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De-Regulation At The Wholesale Power Level Interruptible Power or an Identified Degree of “Firmness”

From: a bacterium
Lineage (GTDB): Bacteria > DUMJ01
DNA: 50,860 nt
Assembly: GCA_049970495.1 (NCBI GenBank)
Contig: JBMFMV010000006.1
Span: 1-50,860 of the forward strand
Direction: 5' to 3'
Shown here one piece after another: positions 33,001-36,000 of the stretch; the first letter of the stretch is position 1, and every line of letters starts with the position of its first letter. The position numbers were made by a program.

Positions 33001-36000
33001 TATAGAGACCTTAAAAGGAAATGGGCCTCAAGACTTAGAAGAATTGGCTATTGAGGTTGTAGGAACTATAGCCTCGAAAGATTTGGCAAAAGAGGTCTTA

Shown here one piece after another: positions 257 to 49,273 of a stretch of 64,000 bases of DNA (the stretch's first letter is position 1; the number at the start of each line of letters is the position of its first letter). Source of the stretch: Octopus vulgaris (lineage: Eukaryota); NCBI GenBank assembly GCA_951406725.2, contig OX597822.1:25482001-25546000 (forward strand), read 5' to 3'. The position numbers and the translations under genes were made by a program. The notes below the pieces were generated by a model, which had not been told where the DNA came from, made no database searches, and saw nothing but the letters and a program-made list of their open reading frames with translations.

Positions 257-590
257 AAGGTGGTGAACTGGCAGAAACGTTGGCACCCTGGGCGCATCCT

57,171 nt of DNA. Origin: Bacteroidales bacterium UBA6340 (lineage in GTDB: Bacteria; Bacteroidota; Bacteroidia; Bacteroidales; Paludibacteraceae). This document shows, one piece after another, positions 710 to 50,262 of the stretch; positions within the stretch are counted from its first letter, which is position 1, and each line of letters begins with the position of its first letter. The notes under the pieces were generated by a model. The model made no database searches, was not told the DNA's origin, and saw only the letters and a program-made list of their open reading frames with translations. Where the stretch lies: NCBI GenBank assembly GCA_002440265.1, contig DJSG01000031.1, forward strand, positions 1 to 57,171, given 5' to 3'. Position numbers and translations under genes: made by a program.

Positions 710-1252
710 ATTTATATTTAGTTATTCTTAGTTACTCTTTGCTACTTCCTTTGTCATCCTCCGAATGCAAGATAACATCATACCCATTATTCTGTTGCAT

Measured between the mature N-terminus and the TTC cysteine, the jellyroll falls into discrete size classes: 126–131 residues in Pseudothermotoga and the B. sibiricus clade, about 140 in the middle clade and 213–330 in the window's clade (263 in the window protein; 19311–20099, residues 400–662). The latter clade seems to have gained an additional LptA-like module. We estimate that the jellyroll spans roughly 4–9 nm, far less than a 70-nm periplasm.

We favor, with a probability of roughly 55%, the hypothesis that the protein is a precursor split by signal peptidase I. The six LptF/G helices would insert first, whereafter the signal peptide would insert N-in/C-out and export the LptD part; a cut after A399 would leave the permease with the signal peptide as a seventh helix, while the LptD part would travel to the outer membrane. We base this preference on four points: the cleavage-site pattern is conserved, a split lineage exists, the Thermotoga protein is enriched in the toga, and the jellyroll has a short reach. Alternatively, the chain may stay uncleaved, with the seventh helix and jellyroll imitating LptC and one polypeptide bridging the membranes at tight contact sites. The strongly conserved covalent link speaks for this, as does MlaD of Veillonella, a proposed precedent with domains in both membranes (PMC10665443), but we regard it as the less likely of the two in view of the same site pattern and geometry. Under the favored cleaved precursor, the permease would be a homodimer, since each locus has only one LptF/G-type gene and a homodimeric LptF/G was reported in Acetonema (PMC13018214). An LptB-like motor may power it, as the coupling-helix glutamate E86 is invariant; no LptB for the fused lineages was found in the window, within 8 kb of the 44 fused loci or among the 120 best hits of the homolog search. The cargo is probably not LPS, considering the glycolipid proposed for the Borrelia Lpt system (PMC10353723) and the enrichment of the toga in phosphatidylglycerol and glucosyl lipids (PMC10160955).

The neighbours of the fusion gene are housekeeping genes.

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Contracts for power sales between buyer and seller often include very explicit terms defining the conditions under which the seller will “be there” for the buyer. For example, a seller might be willing to sell power at a tremendous discount, perhaps as much as 80% below normal price, with the understanding that he can halt the flow of this power at any time, without prior notice, if he finds someone willing to pay more for the power. While this might seem like a poor deal for the buyer, if he has a variable need for power, the very low price quoted might be attractive enough to put up with the inconvenience. For example, maybe the user is a metal recycling center that operates metal shredders, and needs only two hours – any two hours – of operation per day to meet its needs. Interruptible power makes sense in such a situation. In purchasing firm power, the buyer is acquiring both energy and capacity, but in buying interruptible power, the buyer is procuring only energy, not capacity. If this distinction seems confusing, one final category of sale, reserve capacity, will make it clear. Reserve Capacity To illustrate reserve capacity or backup power availability, we suppose that a hospital − a type of buyer that typically demands an extraordinary level of reliability − contracts with Bald Eagle Generating Company for 10 MW of firm power. Bald Eagle has a track record of good service, but just in case of trouble with Bald Eagle’s generators, or the transmission system leading out of its power plants, the hospital makes a capacity reserve contract with Old Reliable Generating Company of New England. In buying reserve power, the hospital is ordering capacity, not energy, from Old Reliable. If things go well, it will not need the energy that Old Reliable’s generators can produce, and thus it is not really ordering energy. Both parties expect that none will be delivered. But Old Reliable will keep 10 MW of generation available just in case, and in exchange, the hospital will pay it a reserve capacity fee of whatever they agree to in their contract. In this situation, Old Reliable now has two options. It can simply keep 10 MW of generation available on standby for the hospital. Or, it can use that generator to produce 10 MW of energy, and sell that energy to someone else on an interruptible basis. The hospital bought only the capacity of that plant, and as long as it is available when needed, the energy is not of any concern to it. Figure 11.2 shows the three basic combinations of energy vs. capacity purchase that can take place. A contract can specify whether the buyer is purchasing energy, capacity, or both, resulting in the three types of contracts shown. The fourth combination, no purchase of either, is simply “no sale.” If a company is not buying energy or capacity at a minimum, it is not buying anything.